Jean-Luc Godard’s Breathless helped launch the French New Wave movement, which challenged norms of the medium. Godard’s directorial choices appear intended to increase the realism by paradoxically never letting you forget you are watching a movie. Even half a century later, the results remain fascinating though history has inevitably dulled its full impact. How amazing it must have been able to witness its groundbreaking debut in 1960 from a first-time feature filmmaker as it challenged all comers.
Michel (Jean-Paul Belmondo) is a young criminal. As the film opens, he steals a car and murders a cop. He returns to Paris where he reconnects with Patricia (Jean Seberg), an American student. He claims to be in love with her and wants them to run off to Italy. To do this, he is trying to collect on debts. Patricia is unsure of their feelings for each other. They have some chemistry but fit together oddly. Her parents want her to enroll at The Sorbonne if she expects them to send more money. She sells the New York Herald Tribune and is working towards becoming a journalist.
Over a few days, we see them together and apart. They spend time in her apartment as he relentlessly badgers her into making love. They go out on dates. Alone, Patricia moves her life forward through work. We see her attend a press conference for author Parvulesco (Jean-Paul Melville). He flounders about almost aimlessly. When they reunite, it’s because he is insecure, exhibited through his jealously and neediness, and she has nothing else better to do. The tables are turned in contrast to how we see Michel with another woman earlier in the film.
As the police search for Michel, they eventually talk with Patricia. They inform her of his crimes but she dismisses knowing him well and offers little assistance. But how will this revelation impact their relationship? Will it bring them together or push them apart?
Breathless is many things. It’s a crime story, it’s a romance, and it’s also a movie about movies as Jonathan Rosenbaum details in his video essay “Breathless as Criticism” (11 min) included as an extra. Homages are littered throughout the film. Michel idolizes Bogart as we see as he takes in a movie poster and mimics a mannerism. He uses an alias that is the name of a character Belmondo played in Claude Chabrol’s Leda. The main character from Melville’s Bob le flambeur is referred to as being in jail, suggesting the films take place in the same world.
IMDb’s trivia section for the film revealed to me Godard has a cameo as a man on the street that sees Michel from his picture in the newspaper and tells police. In essence, we see the director forcing the plot and characters in a direction. Such heavy-handedness is usually a detriment, and while it could have been unintentional, it comes off as an extremely clever bit that plays with the medium.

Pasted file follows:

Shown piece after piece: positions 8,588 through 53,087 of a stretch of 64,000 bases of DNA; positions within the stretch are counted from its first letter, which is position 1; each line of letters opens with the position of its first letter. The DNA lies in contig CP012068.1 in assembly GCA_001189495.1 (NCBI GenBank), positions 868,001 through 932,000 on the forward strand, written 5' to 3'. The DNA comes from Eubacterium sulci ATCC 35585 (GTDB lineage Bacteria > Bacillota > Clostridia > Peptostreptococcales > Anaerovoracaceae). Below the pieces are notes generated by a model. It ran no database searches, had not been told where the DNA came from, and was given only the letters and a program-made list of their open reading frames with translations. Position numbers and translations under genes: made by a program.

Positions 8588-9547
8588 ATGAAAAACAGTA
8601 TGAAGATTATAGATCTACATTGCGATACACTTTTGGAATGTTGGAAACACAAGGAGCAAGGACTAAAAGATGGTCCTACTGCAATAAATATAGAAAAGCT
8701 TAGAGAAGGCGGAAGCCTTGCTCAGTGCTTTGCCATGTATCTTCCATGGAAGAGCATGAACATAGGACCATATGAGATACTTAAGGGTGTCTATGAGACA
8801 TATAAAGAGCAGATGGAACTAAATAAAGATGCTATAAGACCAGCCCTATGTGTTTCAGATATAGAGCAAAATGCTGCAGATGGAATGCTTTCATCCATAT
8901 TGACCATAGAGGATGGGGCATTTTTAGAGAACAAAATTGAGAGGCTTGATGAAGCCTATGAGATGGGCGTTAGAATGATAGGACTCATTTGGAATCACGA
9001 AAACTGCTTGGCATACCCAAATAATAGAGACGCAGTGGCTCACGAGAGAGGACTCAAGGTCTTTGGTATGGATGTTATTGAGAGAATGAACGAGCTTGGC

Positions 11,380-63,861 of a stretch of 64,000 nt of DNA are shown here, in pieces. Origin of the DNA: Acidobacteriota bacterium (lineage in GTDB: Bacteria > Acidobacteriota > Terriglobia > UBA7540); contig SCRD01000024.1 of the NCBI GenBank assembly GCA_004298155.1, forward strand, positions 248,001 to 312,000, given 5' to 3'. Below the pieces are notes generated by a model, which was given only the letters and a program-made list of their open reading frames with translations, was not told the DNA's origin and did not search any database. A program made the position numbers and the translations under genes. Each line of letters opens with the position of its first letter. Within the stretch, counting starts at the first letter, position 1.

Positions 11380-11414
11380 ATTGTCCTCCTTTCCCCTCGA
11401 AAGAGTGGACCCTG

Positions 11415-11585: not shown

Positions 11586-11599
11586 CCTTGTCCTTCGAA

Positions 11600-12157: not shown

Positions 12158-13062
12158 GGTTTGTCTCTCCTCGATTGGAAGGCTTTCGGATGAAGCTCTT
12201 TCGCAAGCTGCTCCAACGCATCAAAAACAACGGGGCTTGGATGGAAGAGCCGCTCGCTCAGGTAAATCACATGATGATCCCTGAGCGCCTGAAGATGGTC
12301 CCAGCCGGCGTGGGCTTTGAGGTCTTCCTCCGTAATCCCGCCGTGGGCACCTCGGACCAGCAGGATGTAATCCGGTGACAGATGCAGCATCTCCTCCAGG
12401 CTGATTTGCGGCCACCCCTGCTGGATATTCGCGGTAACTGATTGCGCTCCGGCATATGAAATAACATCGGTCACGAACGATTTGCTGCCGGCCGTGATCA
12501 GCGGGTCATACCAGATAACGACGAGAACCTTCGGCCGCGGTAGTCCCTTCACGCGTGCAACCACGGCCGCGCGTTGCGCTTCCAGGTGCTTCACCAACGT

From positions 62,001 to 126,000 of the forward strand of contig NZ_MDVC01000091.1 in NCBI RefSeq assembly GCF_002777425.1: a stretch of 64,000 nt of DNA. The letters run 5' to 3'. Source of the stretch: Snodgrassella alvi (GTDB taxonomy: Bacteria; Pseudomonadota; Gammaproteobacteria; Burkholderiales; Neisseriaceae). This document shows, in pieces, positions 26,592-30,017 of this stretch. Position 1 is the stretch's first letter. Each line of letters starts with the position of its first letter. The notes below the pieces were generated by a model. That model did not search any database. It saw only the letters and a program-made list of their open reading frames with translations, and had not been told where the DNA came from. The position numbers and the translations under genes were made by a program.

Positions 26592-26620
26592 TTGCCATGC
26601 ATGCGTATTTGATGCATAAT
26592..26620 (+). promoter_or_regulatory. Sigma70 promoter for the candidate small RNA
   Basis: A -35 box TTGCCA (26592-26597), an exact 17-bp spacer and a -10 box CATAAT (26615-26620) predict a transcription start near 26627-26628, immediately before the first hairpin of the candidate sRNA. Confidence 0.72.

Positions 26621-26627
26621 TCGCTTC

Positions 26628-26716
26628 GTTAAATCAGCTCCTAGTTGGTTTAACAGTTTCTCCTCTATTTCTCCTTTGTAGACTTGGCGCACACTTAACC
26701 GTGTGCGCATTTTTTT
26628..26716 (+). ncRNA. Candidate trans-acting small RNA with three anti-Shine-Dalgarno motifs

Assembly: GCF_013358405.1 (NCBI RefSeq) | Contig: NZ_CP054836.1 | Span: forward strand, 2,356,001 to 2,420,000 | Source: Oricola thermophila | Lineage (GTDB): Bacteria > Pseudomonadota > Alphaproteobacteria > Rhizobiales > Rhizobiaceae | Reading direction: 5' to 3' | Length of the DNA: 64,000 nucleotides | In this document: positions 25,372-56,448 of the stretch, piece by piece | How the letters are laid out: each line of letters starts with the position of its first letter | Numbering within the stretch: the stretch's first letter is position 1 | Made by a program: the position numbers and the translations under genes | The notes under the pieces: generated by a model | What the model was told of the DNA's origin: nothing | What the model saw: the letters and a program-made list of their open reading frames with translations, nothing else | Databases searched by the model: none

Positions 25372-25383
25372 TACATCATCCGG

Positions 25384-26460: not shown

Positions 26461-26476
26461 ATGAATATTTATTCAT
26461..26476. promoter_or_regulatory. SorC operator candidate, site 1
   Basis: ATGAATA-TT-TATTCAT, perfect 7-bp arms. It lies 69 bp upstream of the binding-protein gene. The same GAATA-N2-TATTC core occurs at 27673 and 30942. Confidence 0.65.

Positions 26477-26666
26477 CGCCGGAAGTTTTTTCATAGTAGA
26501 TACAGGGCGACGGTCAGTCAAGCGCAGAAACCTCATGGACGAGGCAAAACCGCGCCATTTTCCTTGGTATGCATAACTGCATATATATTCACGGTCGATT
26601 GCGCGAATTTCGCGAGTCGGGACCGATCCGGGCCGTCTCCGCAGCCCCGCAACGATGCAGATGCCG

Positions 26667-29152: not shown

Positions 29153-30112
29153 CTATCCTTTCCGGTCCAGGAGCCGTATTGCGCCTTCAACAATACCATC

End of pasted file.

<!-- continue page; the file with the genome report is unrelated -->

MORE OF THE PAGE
The film is most notable for its off-kilter editing style called “jump cuts”. Rather than cut out the boring scenes, he cut out boring bits within scenes. Shots didn’t match up as they normally do; yet the scenes still work because there seems to be a purpose why a scene plays out the way it does, causing the missing parts not to be missed.
Breathless continues The Criterion Collection’s high standard for Blu-ray releases. Cinematographer Raoul Coutard approved the 1080p/AVC MPEG-4 encode which was made from a 35mm master positive and is presented in its original 1.33:1 aspect ratio. The many shades across the gray scale come through well. Whites are strong; however, blacks can be inconsistent. I tend to believe any flaws are more likely issues with the source, which looks clean. There are fine details evident throughout and no major digital artifacts. The French mono track presents the dialogue clearly and it balances well with Martial Solal’s jazzy musical score. I had no trouble seeing the subtitles regardless of the image and color they were superimposed over.
The extras are all in presented in 1080i. Quite a number of interviews are available. The archival set (27 min) features two with Godard in 1960 and 1964. What’s most interesting is he seems put off by the film’s success. We get Belmondo in 1961 and Seberg in 1960, which takes an uncomfortable turn as the French female reporter gets too personal. Both talk more about themselves and acting. Melville in 1963 talks about French film industry. In 2007, Coutard and assistant director Pierre Rissient (22 min) talked about the making of the film. “Pennebaker on Breathless” (11 min) finds the famed documentarian D.A. Pennebaker exploring Godard’s statement that Breathless is “a documentary about Jean-Paul Belmondo and Jean Seberg,” which I don’t completely agree with.
The set is rounded out by interesting material. Mark Rappaport presents a video biography about “Jean Seberg” (19 min). Chambre 12, Hotel De Suede is an 80-min French documentary from 1993 about the film. It’s shot in black and white and shows the host going to the locations and meeting with the cast and crew. A Godard short from 1959 “Charlotte et son Jules” (13 min) stars Belmondo and explores a couple’s break-up. The disc is accompanied by a booklet containing articles written by and interviews with Godard as well as fellow New Wave director Francois Truffaut’s treatment and Godard’s scenario that expanded on Truffaut’s work.
Jean-Luc Godard’s Breathless is a wondrous film that may make you reevaluate what you know about movies, and The Criterion Collection presentation of it on Blu-ray offers a film class worth of extras for those who want to learn more about it.